The 1919 Chicago White Sox Revisited

This year marks the 90th anniversary of the infamous “Black Sox” scandal. The scandal was that 8 players on the Chicago White Sox conspired (or at least had knowledge of the conspiracy) to throw the World Series to the Cincinnati Reds. Chicago was heavily favored over Cincinnati going into the series, which tempted bookies and players a little too much. The lure of money would be the downfall of the White Sox team. In 1920, the 8 players involved were all banned from baseball for life.

 

I was thinking about the circumstances surrounding this issue. We could not imagine professional players intentionally losing a game or a series today for a potential payout and lifetime ban from their sport. The main reason is that players are paid extremely well in all 4 professional sports in America. In addition, each league has numerous advantages over the athletes who played in the early 1900s. What are these advantages, and what conditions caused the White Sox to throw a World Series?

 

Let’s start with Free Agency. Major League Baseball Players were not recognized as free agents until 1975. For the previous 96 years, baseball worked under the “reserve clause.” This was an agreement among the owners that even after a contract on a player expired, the rights to that player still belonged to the team he was playing for. In other words, when a player completed his contract, no other owner would sign him. This made sure salaries were controlled by the owners, because they collectively agreed that if one owner broke this agreement, salaries would rapidly get unmanageable. The goal was to protect the investment and profits of the owners, and it worked.

 

What would happen if a player claimed his free agency anyway? The owners came up with a “blacklist,” which basically was a list compiled by individual owners each year to pass around. Once you were on the list, you didn’t get signed by other teams, and you weren’t allowed to make your living at baseball anymore. The only ways to legitimately change teams would be to get released from your team, or traded to another team. Every option was dictated by the owners.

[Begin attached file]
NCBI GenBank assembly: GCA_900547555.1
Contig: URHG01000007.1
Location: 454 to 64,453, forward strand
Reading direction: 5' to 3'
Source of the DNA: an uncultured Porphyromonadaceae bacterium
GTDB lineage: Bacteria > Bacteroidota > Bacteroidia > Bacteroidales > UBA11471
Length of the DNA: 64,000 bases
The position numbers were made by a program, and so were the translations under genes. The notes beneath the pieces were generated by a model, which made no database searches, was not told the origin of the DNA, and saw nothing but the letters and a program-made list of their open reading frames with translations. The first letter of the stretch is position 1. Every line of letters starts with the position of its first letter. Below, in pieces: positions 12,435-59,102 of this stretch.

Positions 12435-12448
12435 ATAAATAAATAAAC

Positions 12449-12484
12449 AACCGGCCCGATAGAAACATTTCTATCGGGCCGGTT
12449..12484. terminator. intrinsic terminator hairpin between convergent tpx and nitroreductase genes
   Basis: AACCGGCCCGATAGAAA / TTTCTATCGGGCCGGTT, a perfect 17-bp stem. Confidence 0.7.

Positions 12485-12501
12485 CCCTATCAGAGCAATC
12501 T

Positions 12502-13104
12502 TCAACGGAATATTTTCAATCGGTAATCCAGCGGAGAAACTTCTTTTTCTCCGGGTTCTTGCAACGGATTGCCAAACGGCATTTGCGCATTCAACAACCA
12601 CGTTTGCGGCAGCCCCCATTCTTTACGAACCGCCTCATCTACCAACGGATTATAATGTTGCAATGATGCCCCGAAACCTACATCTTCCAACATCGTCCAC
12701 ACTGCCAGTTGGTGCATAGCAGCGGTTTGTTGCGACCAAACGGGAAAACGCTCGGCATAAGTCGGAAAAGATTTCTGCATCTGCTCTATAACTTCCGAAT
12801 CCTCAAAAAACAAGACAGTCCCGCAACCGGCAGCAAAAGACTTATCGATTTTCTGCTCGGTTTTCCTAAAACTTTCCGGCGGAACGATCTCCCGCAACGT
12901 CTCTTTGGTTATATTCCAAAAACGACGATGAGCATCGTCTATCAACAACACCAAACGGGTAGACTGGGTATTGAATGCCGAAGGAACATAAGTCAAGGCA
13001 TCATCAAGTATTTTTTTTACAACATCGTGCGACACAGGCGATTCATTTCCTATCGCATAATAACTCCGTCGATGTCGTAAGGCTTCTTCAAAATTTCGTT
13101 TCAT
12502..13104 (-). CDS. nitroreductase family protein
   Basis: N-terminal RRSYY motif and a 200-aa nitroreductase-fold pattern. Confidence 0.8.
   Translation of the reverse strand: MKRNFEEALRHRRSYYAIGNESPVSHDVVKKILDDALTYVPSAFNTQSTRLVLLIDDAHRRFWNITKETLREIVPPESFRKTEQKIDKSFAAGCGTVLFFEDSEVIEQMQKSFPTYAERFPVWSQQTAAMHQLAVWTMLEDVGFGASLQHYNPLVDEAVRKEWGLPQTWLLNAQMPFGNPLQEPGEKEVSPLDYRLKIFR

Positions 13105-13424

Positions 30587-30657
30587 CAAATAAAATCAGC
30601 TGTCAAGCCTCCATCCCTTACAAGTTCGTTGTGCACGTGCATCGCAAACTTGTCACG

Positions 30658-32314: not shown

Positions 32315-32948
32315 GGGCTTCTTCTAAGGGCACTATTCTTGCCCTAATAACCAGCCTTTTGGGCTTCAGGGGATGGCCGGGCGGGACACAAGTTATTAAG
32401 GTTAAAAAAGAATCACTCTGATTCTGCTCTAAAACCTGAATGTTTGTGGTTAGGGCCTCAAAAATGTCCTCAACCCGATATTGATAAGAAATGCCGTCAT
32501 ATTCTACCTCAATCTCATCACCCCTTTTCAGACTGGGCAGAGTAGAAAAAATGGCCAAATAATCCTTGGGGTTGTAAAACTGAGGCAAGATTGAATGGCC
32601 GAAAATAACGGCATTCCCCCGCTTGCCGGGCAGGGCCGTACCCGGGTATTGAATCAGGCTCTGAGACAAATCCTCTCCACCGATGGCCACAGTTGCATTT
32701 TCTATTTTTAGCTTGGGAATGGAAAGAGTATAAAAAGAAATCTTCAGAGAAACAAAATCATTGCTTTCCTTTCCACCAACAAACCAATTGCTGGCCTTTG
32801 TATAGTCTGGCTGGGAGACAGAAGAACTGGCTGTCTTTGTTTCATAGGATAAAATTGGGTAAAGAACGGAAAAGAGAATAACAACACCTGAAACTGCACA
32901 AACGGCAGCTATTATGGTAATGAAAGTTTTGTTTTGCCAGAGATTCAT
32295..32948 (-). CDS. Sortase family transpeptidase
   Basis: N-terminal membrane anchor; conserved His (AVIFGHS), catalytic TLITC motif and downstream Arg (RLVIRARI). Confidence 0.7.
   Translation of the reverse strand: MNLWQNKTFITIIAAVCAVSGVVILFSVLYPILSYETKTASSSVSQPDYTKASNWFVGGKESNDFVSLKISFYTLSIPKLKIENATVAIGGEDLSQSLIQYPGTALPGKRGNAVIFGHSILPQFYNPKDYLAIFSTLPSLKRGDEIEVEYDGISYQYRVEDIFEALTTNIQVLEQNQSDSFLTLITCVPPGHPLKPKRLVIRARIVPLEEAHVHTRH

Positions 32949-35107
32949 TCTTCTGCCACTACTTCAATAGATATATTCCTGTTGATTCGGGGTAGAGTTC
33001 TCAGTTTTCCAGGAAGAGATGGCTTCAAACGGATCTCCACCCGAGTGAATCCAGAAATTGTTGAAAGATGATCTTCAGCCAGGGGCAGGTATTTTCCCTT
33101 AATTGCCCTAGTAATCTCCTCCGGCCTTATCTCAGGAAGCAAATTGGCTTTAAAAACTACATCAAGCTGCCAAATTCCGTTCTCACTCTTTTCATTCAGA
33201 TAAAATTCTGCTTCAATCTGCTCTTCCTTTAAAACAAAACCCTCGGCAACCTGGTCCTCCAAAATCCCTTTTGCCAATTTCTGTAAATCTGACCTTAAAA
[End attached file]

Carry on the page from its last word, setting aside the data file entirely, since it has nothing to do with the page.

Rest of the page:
Why not create a new major league? This was attempted several times as well. The American League began in 1901 with the idea that the players would receive better treatment by owners, and more pay. They soon adopted the reserve clause, and made nice with the National League. The last, best attempt for another major league came in 1914 with the Federal League. The timing could not have been worse, because after 2 seasons funds dried up and the nation was soon off to war. Because so many players jumped to this league, the owners did waive the “blacklist” for a short time to allow players to return to the American or National Leagues and resume playing under the reserve clause.

 

Why not do what modern Americans would do – sue the owners? The players did, and in 1922 (3 years after the 1919 World Series) the case went to the Supreme Court, which ruled that the reserve clause was not interstate commerce, so it was exempt from anti-trust laws. In other words, even the U.S. Justice Department wasn’t going to mess with this one. Curt Flood also took his case for free agency to the Supreme Court in 1969. He lost 5-3.

 

What about the Players Union? There were several attempts in the 1800s and early 1900s for players to organize themselves under a union. All of them failed, mainly for lack of consistent funding or ability to agree as a group. The Players Association was formed in 1953, and became the de facto union. Though it wasn’t called a union for decades, it did serve the functions of a union. This was the first organized union that lasted more than 1 year in the history of professional baseball.